Why Weiner chose to have the pivotal scene focus on a new character, and one as anonymous as Leonard (both in fiction and reality) is somewhat of a mystery.   Perhaps at this point Draper/Whitman is as anonymous, and as atomized and lonely, as Leonard is. And perhaps Draper/Whitman was just waiting for a vehicle for his catharsis to come along, and this was as good as it was going to get.

The episode is called “Person to Person”, and an argument can be made that the most compelling scenes in the hour were the three person-to- person calls Don makes to the three women who are the only sources of continuity in his life. There’s his first wife, who he now affectionately calls “Birdie” while he has what he knows is going to be his last conversation with her (January Jones’ brilliance as Betty over these final episodes has had to have made at least some converts of those who have been critical of the beautiful actress’ acting chops).

That conversation is right after Sally spills the beans about Betty’s illness, in yet another great scene from Kiernan Shipka, looking older and more mature by the episode, as she takes on the adult role in her conversation with her father.   As she demands to be taken seriously by her wayward dad, we can sense her assertion of authority and the likelihood of her becoming a surrogate mom to her two younger brothers.

The best phone call is the last, and it’s what we’ve waited for—Don reminding himself of his unbreakable bond with Peggy, whom he calls in the depths of his despondency, and to whom he desperately wants to confess.   Don says to Peggy that he’s not the man who she thinks he is, but we know better, and so does she—Peggy knows exactly who he is, warts and all.   But he has believed in her for all these years, and she tries to pay it forward now, the voice of reason and calm, urging him to get his act together and come back to New York.   When he says goodbye, we think it’s for good. But then, there’s the Coke ad, and we know that at some point, Don and Peggy have reunited.   That would have happened in Season Eight.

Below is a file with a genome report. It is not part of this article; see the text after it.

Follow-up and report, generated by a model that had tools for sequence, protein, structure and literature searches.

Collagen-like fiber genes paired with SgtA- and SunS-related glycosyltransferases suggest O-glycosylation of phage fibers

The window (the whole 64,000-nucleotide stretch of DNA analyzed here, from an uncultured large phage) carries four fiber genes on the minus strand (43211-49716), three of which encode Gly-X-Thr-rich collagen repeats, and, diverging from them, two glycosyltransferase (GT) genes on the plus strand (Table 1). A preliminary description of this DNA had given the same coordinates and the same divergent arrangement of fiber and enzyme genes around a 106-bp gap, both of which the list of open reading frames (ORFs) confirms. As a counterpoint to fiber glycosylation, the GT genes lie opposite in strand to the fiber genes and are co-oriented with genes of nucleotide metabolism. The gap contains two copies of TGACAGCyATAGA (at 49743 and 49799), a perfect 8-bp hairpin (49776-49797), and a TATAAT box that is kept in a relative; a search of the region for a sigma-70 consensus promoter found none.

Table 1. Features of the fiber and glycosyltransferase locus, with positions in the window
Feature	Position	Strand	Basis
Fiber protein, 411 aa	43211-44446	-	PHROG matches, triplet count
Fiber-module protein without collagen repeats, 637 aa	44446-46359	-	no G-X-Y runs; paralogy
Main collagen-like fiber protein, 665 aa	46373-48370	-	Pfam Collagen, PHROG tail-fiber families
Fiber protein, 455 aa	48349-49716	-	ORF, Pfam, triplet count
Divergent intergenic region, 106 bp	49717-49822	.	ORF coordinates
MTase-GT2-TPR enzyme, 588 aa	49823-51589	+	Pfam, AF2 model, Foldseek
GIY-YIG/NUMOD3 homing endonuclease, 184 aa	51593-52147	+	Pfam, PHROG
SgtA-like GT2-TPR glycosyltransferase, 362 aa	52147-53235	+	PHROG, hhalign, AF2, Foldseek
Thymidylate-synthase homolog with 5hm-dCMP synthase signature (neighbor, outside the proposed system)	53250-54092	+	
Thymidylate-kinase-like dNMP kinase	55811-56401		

Final episodes are tricky things.   Viewers want catharsis, but they often get ambiguity.   When shows are wrapped up neatly, like Breaking Bad, there’s a sense of closure, but it can feel too pat and predictable, as it did with the death of Walter White.   The Sopranos ending took ambiguity to the limit, as people still debate today what the meaning of the final, abrupt cut to black.   The best thing you can say about the Mad Men wrap is that it was appropriate, and in character for the series. Not really an end but perhaps a new beginning, at least for Don, in a new and perhaps wiser (but still jaded) incarnation.   And perhaps that’s enough.   Whether or not it is, it’s going to have to be.     As we leave our favorite characters, let me invoke what Marie Calvet Sterling might have said at this point—“bon chance, mon amies.”   Good luck to all.

Submitted by:

 

 

Harlan R. Teller

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All Roads Lead to Kansas in Mad Men, Season Seven, Episode Thirteen

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Don Draper could have been the creative director on the Coca Cola account on Madison Avenue, but instead opts to help fix a Coke machine in the middle of Kansas as a way of passing time on the way to nowhere in this strange, disjointed and ultimately heartbreaking penultimate episode.     When he gives up his Cadillac to a young, Draper-like grifter—the totemic American luxury car that had once upon a time demonstrated that he had “arrived” as a hotshot ad man—it appears that he’s shedding all of his worldly possessions like a snake shedding his skin.

We leave Don sitting at a bus stop with a Sears plastic bag filled with clothing, with nowhere left to go and no one waiting for him. It seems clear that McCann has already given up on him—Pete assumes that Duck Phillips is coming over to McCann to take on the search for Don’s replacement.   Don uncharacteristically passes up a chance to hit on an impossibly good looking woman sunning herself at the rustic motel he’s staying at, leaving us with two questions: how did a woman like that end up in a place like this, and who is this Don Draper of whom we speak?   Another question might be, how did he cram into that bag a perfectly tailored, impeccably ironed and pressed sports jacket?   The unanswered questions are piling up like flotsam, and there’s only an hour left for any answers.     My prognosis is that very few are forthcoming.

Meanwhile, for Pete, Kansas is a destination, not another stop along the Kerouac road.     Doing the sales pitch of his life (after a half-in-the-bag Duck does a sales pitch on him to accept a corporate job with Lear Jet), he sells his estranged wife Trudy on the joys of life in Wichita and she accepts his proposal.   Thus the first married couple of the show gets back together on the second to last episode of the series run, and it feels right—although it’s hard to see how a couple of dyed-in-the- wool East Coast preppies will be able to cope with the heartland of America.   (I can see the spinoff series now, called “The Campbells”, about how Pete and Trudy try to bring civilization to Kansas while finding fresh arugula, a decent private school for Tammy and some fellow Scots descendants without the surname MacDonald).